The Tennessee Titans’ 2015 season is officially in the books, finishing fourth in the AFC South with a 3-13 record. While the end result was disappointing, it was certainly no shock given the fact that the rookie class had to play such a big role this year…
Especially on offense.
With that in mind, we take a look back at the Titans’ 2015 draft class, and grade their performance this season. Please keep in mind that draft slot will factor into their overall grade. The higher the pick, the higher the accountability.
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Cool? Then let’s get started.
1st round: QB Marcus Mariota – A
Marcus Mariota, the second overall pick in the 2015 draft, did everything that a rookie quarterback that’s being asked to be the day one face of a franchise is supposed to do.
He ingratiated himself with the fans and the city of Nashville immediately upon his arrival. He conducted himself in a professional manner, at all times. He was prepared for training camp and the regular season. And most of all, he was one of us, reminiscent of the “aw-shucks” good’ole country boy from Tennessee.
A total slam dunk off the field.
On the field, Mariota answered the naysayers who questioned his ability to adjust to the pro game. He set records, and competed until the final whistle in every game that he played in. At long last, the Titans have found their qb.
2nd round: WR Dorial Green-Beckham – B
If this article would have been written two months ago, then Dorial Green-Beckham would have received a D. On paper, his stats would deserve a C, being the 40th overall pick of the draft (32 rec, 549 yds, 4 tds). DGB earns a B simply because he did his damage in the second half of the season, when the already thin receiving core was ravaged with injuries…and the team needed him the most. A solid young building block for next season.
3rd round: OT Jeremiah Poutasi – F
Last May, national draft experts slammed Tennessee for taking Utah right tackle Jeremiah Poutasi in the third round. And guess what? They were absolutely right.
Poutasi got a shot early in the season at right tackle, but failed miserably. The Titans tried to hide him by moving him to guard…nope…that didn’t work either. By season’s end, he found himself where no one wants to be, on the pine with no hope of seeing the field.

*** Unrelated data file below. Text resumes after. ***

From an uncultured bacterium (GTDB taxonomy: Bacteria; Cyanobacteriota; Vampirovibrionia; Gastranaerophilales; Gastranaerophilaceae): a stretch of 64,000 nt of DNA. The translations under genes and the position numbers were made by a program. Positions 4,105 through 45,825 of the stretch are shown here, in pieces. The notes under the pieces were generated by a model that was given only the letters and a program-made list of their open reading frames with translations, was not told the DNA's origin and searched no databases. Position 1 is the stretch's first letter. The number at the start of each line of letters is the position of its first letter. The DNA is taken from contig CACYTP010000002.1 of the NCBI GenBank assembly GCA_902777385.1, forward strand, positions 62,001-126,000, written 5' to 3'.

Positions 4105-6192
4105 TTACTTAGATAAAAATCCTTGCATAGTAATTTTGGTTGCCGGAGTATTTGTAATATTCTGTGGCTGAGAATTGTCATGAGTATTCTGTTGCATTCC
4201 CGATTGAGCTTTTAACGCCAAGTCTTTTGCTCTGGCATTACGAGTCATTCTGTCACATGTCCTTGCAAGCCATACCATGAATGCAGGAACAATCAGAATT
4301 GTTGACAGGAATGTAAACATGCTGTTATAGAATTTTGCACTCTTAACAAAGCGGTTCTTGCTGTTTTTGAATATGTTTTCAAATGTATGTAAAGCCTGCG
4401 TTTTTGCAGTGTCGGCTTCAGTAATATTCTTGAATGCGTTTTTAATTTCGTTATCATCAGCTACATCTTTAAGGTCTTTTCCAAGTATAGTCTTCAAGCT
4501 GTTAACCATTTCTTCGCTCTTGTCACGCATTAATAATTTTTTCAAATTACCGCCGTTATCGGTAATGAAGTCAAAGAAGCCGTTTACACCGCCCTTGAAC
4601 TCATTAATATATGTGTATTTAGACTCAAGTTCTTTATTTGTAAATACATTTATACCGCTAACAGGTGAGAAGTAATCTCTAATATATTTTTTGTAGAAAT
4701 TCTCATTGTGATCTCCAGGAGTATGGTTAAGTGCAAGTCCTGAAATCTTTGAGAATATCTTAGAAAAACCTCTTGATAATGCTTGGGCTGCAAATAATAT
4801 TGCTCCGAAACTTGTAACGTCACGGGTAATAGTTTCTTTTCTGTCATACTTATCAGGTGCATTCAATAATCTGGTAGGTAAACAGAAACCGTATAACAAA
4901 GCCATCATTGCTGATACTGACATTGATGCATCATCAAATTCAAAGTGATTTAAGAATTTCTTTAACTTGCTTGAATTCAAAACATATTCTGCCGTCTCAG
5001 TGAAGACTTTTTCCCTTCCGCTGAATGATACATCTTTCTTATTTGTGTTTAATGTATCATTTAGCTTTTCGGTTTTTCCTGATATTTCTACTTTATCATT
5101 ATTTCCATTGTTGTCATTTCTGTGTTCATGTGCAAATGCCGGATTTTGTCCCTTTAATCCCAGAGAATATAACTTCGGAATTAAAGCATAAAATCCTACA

Another offseason may do Poutasi some good, but it was obvious that his confidence was shot this year.
4th round: DT Angelo Blackson – B
Angelo Blackson earns a B for his rookie campaign. Prior to his arrival, the defensive tackles were the Titans’ deepest and most talented position on the team. Blackson earned playing time in Lebeau’s veteran rotation, and finished the season with 2.5 sacks and a forced fumble. Overall, a solid rookie performance.
4th round (second pick): FB Jalston Fowler – F
Fullback Jalston Fowler’s failing grade is not entirely his fault. Ruston Webster, the newly departed general manager, selected a fullback in the fourth round.
A fullback…in today’s game…with so many other holes to fill.
For that selection, the Titans got a whopping 13 yards rushing (1.9 yard per carry), and five receptions this season. You can get that kind of production from an unrestricted free agent.
5th round: RB David Cobb – C
David Cobb earns a C, because we just didn’t see enough of him this season. See what I did there?
Ok, I digress.
Cobb missed the first half of the season while recovering from injury, but came on strong late in the year as he got back into playing shape. In his only shot at being the feature back, Cobb handled his own last Sunday. He got the tough yards between the tackles, and scored his first touchdown as a professional. While the Titans still need to address the running back position in 2016, a healthy Cobb should still factor heavily into the mix.
6th round: LB Deiontrez Mount – I
Linebacker Deiontrez Mount gets an incomplete, after missing virtually the entire season. He did register his first career interception this year, however.
6th round: (second pick) C Andy Gallik – C
While Gallik often struggled this season like Jeremiah Poutasi, he is not graded as harshly due to being the 208th pick in the draft. Gallik was taken as a late round project, but injuries to the offensive line thrust him into action quicker than he or the Titans would have liked. He does have toughness, and comes from a college with offensive lineman pedigree (Boston College). With a full season under his belt, I expect him to add quality depth to the o-line in 2016.
7th round: WR Tre McBride – D
I know what you’re thinking…”But you said that draft slot would play a factor…why a D?”
Yes, even with a depleted receiving core for most of the season, Tre McBride did not get a real opportunity until the last two games of the season.
But he did return kicks before that, so the D stands for dreadful.
All and all, a mixed bag of results from a panoramic view. But Titans fans should be encouraged, because the highest grade went to the first round pick.